“The last enemy to be destroyed is death,” says the Apostle. On his 90th birthday, Don lost his long battle with that enemy. But today we confess Jesus who won the battle we could not. Today, even in Lent, we confess: Christ is risen! He is risen indeed, Alleluia!

The moratorium on the Alleluias is broken, for the power of the grave is undone. We are an Easter people. Alleluia! is our song. The resurrection is the heart of our hope. Don’s confirmation verse is Hebrews 10:23: “Let us hold fast the profession of our faith without wavering; (for he is faithful that promised).” That profession of faith is a confession of hope based on what immediately came before: Jesus opened for us “a new and living way … through the curtain [of] his flesh.” 

The Old Testament way was an old and dying way. It always involved dead things – lambs, bulls, and goats. The blood of dead animals was shed again and again and again, a constant reminder that our sin leads to death. But the crucified flesh of Jesus is living again; He has emerged from the grave. The shed blood of Christ, flowing from His pierced side, now courses through His risen body, for He has trampled down death by His death.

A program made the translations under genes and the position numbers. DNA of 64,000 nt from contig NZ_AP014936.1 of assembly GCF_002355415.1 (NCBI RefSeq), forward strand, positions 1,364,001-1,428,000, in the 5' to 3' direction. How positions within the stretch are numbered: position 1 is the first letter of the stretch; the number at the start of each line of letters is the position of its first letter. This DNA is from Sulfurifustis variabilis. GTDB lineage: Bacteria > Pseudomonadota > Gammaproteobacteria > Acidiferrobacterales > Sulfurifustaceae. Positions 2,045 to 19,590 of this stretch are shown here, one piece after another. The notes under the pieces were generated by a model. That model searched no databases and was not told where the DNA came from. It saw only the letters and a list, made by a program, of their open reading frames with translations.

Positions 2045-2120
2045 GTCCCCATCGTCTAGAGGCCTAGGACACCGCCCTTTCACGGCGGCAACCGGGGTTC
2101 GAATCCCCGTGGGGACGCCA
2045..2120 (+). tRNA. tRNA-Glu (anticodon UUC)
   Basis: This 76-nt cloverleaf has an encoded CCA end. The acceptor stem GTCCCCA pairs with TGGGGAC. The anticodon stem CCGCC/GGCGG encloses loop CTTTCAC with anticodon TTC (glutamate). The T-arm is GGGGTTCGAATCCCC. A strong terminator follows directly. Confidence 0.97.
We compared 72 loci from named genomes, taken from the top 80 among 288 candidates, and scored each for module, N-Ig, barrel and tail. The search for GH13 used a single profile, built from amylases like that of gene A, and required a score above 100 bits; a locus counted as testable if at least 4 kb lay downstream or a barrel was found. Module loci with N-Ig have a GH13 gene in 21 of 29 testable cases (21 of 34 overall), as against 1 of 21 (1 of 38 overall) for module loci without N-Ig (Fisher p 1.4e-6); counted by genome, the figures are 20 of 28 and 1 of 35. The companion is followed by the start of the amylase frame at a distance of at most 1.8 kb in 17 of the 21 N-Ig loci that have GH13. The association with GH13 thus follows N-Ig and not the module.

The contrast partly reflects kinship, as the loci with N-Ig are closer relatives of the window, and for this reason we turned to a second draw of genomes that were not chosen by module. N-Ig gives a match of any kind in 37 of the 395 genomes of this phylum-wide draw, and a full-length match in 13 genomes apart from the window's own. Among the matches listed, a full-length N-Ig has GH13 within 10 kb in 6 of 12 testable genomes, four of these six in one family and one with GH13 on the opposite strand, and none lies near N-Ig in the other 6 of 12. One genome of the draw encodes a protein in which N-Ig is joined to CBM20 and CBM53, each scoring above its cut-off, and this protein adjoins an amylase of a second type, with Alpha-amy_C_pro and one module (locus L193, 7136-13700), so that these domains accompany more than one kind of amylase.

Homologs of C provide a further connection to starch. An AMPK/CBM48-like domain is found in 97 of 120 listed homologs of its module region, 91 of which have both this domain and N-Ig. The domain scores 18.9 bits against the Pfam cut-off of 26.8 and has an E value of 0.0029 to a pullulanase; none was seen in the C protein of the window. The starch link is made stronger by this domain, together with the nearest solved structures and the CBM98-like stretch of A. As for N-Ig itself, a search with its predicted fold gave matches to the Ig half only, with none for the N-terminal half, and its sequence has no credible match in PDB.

The way of Jesus is now a living way. On this way Don walked; on this road Don ran; on this course Don persevered. The way of Jesus is now a new and living way, and He promises that this body, washed with pure water and sprinkled clean – this body shall live again. His dentures shall be replaced with teeth that will not decay. His revivified blood vessels will permit no stroke. His memory will be sharp, and words of praise to his Maker will flow forth without hesitation.

Dear friends, the Lord Jesus knows how you feel this day. When He came to the tomb of His friend Lazarus, He wept. He groaned and sighed, His insides churned with agony and lament. This was not the goal of His creation. Death is not just a part of life, or a natural sequence towards liberation from the material world. Death corrupts every good thing that God made, and so God in the flesh, God who Himself would suffer death – He weeps. He enters into your sorrow, and feels it entirely.

He goes and joins our death to His own, and what remains, what we still hope in, is the coming day when Don and all the faithful will be joined to His resurrection unto life. He will come to Don’s tomb and say the same thing He said to Lazarus: “Paul Donald, come forth!” And it shall be so.

So now we wait, having the Lord’s word “Be thou faithful unto death, and I will give thee a crown of life” (Rev. 2.10).